Off she goes!

<p>My husband and daughter just left the house so he could drive her to the Amtrak station so she could get herself to Swarthmore for RTT. I know it's been posted that this experience has helped turn high school kids into college kids. Even in just the last two minutes, it seems to be the beginning into turning me into the parent of a college kid rather than of a high school kid. I'm glad I have a ton of things to do today. </p>

<p>I'll be there tomorrow for the 11:00 talk and for lunch. Anyone else?</p>

<p>I, too, just sent my kid off to Penn Station with backpack and sleeping bag. He looked so...little. I resisted the temptation to remind him to adhere to the rules in the Overnight Agreement. Husband and I will be following sheepishly tomorrow--there's probably no logical way CC parents can meet up, but I'll be sending thought waves, searchingavalon.</p>

<p>We should have had CC teeshirts made up so we could find each other at the parents' lunch...</p>

<p>My husband just called to tell me he left her at the Station. I said, "Isn't this scary???" He said, "No, it's just a train; she'll be fine." I said, "Not scary for her!! Scary for US!!!"</p>

<p>Awww... my son did not go but I know what you mean. Listen, guys, even when they are in college, they look little. You just have to remind yourself that now they are college kids and to give them SPACE.</p>

Even in just the last two minutes, it seems to be the beginning into turning me into the parent of a college kid rather than of a high school kid.


<p>That, too! The great thing about a pre-frosh visit is that it spreads the anticipation, excitement, anxiety out over a four-month period for the kids and the parents. Instead of hitting like a ton of bricks in late August! Everybody can get used to it incrementally. </p>

<p>I think today's options for getting connected to the college through visits, internet students groups, and e-mails to roommates make the whole process much less stressful, not so much like diving into the great unknown in August.</p>

<p>Yup, in a way, I wish my son had gone to RTT. Late August, it did hit me like a ton of bricks - and I'm not a sentimental person. My husband and I quarrelled a whole lot on the car ride back from orientation weekend - for no apparent reason. That was my manifestation of being emotional. My mom, on the other hand, who was visiting us, cried for 2 days...until she heard in person from her grandson :)</p>

<p>Before this dissolves into a discussion on separation that should probably be moved to the Parents Forum, I wanted to compliment the Swarthmore admissions office on fostering the weaning process by confining the parents' events to one day in a two day schedule, and by burying the information in the Spec's packet instead of issuing a formal invite to parents (at least, wedidn't get one).'s noon and he should be there by now and why hasn't he called?? And what should I wear??? (Just kidding. No I'm not. Yes I am.)</p>

I wanted to compliment the Swarthmore admissions office on fostering the weaning process.


<p>That is a very strong theme at Swarthmore that becomes even more apparent during the freshman drop-off/orientation events. You will really enjoy Dean Gross' attitude, approach, and hilarious stories at the parents' info session. </p>

<p>It is clear that the Swarthmore administration understands that college is a time for kids to become adults and the only way for that to happen is to let the kids to work it out. That it won't always be easy, but that they will do just fine. </p>

<p>We've seen so many little examples of how caring the school is that has been easy to let go. Heard about one last night, actually. Because they initially reserve too many rooms for incoming freshmen and special needs in order to have some flexibility, some sophmores with bad housing lottery numbers end up on a priority waiting list for rooms. Technically, if there is ANY room left in the room draw, a student MUST pick that room when his lottery number comes up, no matter how unattractive, or be placed on a low priority wait list. The reality is that it would be better to be on the high priority involuntary waiting list and get one of the good rooms released after freshmen are assigned. </p>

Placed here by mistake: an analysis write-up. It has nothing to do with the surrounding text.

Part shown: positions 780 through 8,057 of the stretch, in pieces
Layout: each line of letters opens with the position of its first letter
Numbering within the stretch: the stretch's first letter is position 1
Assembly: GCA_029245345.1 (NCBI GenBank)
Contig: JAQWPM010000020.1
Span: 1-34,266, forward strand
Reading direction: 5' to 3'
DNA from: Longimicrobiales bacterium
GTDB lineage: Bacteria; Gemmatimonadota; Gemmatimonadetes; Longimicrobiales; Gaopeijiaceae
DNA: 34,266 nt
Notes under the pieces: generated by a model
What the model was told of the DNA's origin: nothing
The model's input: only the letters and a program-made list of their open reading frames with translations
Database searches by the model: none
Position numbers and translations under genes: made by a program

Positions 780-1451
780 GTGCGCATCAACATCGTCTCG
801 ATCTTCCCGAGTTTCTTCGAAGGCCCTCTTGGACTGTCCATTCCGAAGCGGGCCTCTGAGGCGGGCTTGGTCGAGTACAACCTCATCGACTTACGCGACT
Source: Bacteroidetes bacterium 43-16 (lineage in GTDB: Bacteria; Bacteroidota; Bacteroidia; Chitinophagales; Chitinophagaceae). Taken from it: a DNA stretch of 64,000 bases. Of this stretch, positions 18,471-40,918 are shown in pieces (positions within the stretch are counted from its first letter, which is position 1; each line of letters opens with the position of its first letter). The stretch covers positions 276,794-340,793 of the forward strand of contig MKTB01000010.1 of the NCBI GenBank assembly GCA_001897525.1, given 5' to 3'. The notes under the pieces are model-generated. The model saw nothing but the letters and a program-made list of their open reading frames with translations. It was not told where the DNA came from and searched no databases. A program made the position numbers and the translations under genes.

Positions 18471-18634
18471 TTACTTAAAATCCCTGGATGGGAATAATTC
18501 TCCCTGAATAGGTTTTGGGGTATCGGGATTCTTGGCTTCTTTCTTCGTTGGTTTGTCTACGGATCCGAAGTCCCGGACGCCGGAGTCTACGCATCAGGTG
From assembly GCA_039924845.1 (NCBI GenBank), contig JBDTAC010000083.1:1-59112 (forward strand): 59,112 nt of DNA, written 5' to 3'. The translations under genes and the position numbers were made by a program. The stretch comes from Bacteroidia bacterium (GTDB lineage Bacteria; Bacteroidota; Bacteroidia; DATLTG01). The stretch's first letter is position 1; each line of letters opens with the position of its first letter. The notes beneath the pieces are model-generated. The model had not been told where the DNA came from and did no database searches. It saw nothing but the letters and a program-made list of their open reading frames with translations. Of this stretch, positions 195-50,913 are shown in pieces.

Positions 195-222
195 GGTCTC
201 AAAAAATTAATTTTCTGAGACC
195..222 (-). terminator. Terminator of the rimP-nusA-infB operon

<p>Last night, as the tail end of the room draw approached, the Dean of Housing stepped in and stopped the lottery. She called the remaining homeless sophmores over and, instead of going in lottery order, reviewed the available options informally to see who anyone really WANTED those remaining rooms and who really DIDN'T want those rooms. Continuing in lottery order would have screwed over both those who did not want those rooms (by forcing them to take them) and those who did want those rooms (by not giving them the opportunity them to take them). </p>

<p>Instead, she doled out the remaining rooms by request. Those who prefered to take their chances on the involuntary priority waiting list were allowed to volunteer for that; those who prefered the remaining rooms were allowed to pick those, regardless of lottery number. To me, that level of personal interest at 9:30 at night in a gymnasium by a Dean is what makes me so comfortable with the school. I think it's also why the faculty, students, and parents have such a high degree of trust in the institution.</p>

<p>The funny part: as the Dean talked to the kids on the wait list, she told them that her job would be to get them all rooms that they are happy with. Their job would be to keep their parents at bay long enough for her to do her job!</p>

<p>ID, did your daughter get a good dorm? My son went through this informal process yesterday (was one of the homeless sophomores) and in the end, landed in a 3-room lodge near Ben West with 3 of his friends and another friend whom he knows but not as well...</p>

<p>No. My D and her group of four were absolutely dead in the lottery -- four abysmal lottery numbers. She was praying to not get a room and get put on the priority wait list. That way, she'll end up with a room in a good dorm and will have used up her 3rd cohort lottery number, meaning that she'll have 1st and 2nd cohort high numbers in later years. You are guaranteed to have one year with a bottom-third number for your class, one with a middle-third, and one with a top-third -- a very equitable system.</p>